Decontamination of patients with ingested toxins is achieved by emesis induction or gastric lavage, followed by administration of charcoal (adsorbs toxins enabling their excretion from the GI tract). Cathartics may be added to activated charcoal to hasten elimination.
It is a clinical challenge when veterinarians have to administer therapeutic procedures to pet avian patients. The thoughtful use of therapeutic procedures on a debilitated patient is often correlated to the success or failure of treating a patient.
Treating dermal injuries, fracture stabilization, stabilization of fracture sites after internal orthopedic repair, joint injuries and prevention of self trauma are common reasons bandages are used on avian patients.
When developing a fluid therapy protocol it is incumbent upon the veterinarian to understand what the best products to use are and why in order to achieve the best physiologic response. Unfortunately, there is a paucity of scientifically based information regarding the underlying assessment parameters for fluid therapy protocol in individual avian species.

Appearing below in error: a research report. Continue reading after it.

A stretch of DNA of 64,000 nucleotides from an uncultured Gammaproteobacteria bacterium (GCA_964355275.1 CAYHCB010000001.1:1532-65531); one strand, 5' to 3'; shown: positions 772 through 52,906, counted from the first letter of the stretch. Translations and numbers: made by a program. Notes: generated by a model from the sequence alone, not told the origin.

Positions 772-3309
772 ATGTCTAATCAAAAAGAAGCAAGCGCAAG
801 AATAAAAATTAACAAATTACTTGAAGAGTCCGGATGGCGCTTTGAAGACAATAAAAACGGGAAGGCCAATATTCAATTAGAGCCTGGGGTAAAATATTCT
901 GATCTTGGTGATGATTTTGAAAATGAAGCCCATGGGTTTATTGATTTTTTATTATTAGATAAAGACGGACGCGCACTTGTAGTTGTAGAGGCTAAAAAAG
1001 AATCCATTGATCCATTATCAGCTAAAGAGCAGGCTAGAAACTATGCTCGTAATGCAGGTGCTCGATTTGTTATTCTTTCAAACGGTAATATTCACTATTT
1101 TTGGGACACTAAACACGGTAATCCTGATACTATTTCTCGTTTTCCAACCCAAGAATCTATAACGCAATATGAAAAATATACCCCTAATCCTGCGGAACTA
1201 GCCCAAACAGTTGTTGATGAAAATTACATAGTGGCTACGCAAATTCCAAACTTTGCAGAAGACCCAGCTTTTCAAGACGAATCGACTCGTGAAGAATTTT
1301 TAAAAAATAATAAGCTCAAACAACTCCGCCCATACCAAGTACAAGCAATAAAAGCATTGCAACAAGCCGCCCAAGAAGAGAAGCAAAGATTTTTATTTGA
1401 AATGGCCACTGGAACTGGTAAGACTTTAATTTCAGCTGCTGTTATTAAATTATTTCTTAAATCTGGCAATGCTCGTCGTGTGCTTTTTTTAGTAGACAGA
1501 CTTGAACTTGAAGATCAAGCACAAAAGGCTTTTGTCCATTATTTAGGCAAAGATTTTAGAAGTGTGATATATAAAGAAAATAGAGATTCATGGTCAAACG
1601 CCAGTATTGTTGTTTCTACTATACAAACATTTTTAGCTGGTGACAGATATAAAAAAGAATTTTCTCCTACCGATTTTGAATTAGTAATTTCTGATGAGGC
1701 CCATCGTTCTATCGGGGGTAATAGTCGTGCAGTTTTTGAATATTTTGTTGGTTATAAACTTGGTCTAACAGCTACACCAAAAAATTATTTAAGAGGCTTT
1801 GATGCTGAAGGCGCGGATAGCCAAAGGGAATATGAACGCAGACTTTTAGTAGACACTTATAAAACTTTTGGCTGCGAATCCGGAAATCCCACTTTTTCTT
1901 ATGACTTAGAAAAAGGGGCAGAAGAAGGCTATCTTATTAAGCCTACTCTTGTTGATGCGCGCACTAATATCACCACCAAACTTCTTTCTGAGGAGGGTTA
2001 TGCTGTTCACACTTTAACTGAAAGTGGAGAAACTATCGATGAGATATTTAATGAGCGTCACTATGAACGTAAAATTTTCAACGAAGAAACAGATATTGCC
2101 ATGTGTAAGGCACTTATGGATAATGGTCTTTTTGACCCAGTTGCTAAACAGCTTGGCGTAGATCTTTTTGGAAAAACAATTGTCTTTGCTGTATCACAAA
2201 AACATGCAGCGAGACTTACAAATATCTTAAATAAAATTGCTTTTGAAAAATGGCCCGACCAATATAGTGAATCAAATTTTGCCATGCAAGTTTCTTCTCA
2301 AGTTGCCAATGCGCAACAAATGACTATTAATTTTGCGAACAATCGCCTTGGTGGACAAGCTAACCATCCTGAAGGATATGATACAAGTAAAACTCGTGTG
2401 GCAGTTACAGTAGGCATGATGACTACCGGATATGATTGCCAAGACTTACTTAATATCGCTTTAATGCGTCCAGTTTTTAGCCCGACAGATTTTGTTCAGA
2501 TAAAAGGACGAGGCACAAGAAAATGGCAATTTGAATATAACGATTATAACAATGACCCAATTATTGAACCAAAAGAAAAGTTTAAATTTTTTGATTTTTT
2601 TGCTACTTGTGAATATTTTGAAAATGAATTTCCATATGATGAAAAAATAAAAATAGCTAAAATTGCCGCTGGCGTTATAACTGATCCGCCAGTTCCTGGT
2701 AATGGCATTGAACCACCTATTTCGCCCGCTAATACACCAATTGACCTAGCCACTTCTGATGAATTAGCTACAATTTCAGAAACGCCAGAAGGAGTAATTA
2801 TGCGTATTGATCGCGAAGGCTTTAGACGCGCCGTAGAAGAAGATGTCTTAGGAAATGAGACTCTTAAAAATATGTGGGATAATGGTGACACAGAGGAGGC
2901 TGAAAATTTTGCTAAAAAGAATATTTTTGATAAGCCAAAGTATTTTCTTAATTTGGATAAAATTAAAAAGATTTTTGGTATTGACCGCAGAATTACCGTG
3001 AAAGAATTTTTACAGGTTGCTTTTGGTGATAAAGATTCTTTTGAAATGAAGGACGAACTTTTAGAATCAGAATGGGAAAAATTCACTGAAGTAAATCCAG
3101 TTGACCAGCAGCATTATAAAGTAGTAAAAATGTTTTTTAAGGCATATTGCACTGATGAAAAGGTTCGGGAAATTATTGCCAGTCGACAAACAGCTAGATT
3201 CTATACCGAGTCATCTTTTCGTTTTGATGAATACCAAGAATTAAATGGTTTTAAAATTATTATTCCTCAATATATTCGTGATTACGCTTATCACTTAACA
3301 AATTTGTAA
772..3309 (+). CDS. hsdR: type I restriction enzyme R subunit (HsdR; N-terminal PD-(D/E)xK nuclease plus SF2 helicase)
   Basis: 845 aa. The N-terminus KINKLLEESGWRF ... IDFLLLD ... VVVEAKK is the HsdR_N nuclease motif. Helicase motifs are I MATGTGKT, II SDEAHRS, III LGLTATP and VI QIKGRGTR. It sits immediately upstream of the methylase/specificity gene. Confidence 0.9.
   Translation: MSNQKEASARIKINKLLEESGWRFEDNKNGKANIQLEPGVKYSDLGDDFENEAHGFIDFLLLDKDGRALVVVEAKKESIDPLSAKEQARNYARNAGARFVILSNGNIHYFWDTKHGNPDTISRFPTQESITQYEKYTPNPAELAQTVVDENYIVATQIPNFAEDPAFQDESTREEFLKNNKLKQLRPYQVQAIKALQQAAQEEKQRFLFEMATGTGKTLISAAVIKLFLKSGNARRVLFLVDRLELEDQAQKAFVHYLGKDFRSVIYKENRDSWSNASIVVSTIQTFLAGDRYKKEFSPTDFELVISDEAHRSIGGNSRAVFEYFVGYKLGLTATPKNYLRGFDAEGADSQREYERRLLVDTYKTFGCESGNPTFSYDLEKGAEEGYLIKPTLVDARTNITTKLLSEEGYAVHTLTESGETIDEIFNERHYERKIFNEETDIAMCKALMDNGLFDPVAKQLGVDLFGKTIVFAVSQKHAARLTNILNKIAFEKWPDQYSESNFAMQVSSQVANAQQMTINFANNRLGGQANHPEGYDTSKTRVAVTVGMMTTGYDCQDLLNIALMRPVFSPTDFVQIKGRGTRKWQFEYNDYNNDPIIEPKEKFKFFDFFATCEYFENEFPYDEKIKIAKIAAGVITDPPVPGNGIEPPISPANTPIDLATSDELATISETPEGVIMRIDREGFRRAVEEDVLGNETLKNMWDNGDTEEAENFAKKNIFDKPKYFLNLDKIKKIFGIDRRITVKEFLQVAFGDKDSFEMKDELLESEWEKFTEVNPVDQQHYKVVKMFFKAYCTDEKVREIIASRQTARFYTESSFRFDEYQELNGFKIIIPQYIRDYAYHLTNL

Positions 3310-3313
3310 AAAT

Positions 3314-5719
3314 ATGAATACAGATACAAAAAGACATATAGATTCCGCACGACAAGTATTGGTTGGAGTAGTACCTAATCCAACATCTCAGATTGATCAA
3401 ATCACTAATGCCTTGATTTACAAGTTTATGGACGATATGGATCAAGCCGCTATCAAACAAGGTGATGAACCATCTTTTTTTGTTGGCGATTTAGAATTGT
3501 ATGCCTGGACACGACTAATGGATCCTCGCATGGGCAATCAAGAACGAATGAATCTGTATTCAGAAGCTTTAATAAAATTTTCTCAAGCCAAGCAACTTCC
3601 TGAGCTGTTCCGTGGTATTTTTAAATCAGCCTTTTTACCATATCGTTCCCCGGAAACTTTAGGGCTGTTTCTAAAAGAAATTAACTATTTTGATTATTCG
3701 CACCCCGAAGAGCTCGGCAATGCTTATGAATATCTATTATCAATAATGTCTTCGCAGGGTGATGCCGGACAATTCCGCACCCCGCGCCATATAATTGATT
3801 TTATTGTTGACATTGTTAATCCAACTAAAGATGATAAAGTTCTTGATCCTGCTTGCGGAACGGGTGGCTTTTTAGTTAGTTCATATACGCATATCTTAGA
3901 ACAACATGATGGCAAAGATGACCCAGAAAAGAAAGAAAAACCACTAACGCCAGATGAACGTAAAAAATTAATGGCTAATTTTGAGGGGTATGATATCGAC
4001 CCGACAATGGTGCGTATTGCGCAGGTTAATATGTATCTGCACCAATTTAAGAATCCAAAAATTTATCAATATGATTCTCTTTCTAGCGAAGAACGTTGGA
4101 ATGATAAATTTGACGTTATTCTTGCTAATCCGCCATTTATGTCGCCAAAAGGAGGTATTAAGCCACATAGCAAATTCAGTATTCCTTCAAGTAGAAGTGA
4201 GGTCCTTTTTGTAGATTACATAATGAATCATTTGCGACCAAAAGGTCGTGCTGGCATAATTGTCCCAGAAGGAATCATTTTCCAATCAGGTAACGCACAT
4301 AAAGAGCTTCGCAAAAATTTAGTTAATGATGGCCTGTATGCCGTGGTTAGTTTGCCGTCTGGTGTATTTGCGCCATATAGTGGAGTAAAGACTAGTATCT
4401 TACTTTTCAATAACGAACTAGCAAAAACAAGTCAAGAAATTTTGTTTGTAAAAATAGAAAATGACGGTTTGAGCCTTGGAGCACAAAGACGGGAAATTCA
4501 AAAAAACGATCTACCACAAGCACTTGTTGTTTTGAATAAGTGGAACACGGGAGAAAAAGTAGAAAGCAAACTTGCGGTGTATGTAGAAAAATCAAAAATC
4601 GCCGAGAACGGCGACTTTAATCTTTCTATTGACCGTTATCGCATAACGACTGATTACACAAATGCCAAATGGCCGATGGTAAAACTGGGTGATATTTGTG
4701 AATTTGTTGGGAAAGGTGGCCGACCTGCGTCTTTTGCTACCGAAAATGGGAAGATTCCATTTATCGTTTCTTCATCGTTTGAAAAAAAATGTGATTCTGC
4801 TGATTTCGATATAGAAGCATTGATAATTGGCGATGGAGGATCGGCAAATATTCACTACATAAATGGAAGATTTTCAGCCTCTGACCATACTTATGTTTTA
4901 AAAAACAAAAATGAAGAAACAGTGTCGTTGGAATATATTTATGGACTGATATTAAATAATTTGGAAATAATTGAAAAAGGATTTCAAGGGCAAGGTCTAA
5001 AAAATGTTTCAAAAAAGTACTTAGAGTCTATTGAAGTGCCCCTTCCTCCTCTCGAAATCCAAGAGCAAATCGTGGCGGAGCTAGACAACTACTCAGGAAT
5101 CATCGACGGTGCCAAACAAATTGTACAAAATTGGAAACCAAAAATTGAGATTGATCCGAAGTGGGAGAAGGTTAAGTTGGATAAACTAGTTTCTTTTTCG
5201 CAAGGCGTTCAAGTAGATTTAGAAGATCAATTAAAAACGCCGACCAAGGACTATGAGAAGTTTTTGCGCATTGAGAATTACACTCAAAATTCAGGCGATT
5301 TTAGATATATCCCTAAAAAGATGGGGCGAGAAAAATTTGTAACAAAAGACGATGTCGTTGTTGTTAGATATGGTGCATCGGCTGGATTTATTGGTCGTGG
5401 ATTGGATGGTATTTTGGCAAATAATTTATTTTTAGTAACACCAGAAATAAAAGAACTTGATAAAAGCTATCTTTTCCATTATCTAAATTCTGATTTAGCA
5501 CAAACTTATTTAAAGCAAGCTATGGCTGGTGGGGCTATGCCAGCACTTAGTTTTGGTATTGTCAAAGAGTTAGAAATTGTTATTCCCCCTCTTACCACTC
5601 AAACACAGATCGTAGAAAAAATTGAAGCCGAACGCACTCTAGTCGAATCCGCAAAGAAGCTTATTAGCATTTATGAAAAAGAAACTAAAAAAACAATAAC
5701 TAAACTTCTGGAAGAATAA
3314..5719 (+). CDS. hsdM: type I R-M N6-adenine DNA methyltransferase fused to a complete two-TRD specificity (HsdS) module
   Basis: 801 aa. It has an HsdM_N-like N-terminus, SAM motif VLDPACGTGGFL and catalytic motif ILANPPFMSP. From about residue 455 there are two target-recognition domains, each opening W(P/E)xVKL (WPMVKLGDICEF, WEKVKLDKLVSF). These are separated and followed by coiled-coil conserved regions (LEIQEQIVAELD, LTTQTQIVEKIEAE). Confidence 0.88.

For a veterinary technician overseeing an avian or exotic animal patient, diagnostic testing is an essential tool in formulating a definitive diagnosis, prognosis and treatment plan. Diagnostic testing is simply not a luxury for veterinary teaching hospitals, but a necessity for every clinical practice that sees these patients.
There are thousands of reptile species worldwide and more reptile species are kept as pets than any other taxa. For as many types of reptiles that are kept, there are as many natural history strategies that these species demonstrate in their wild habitat.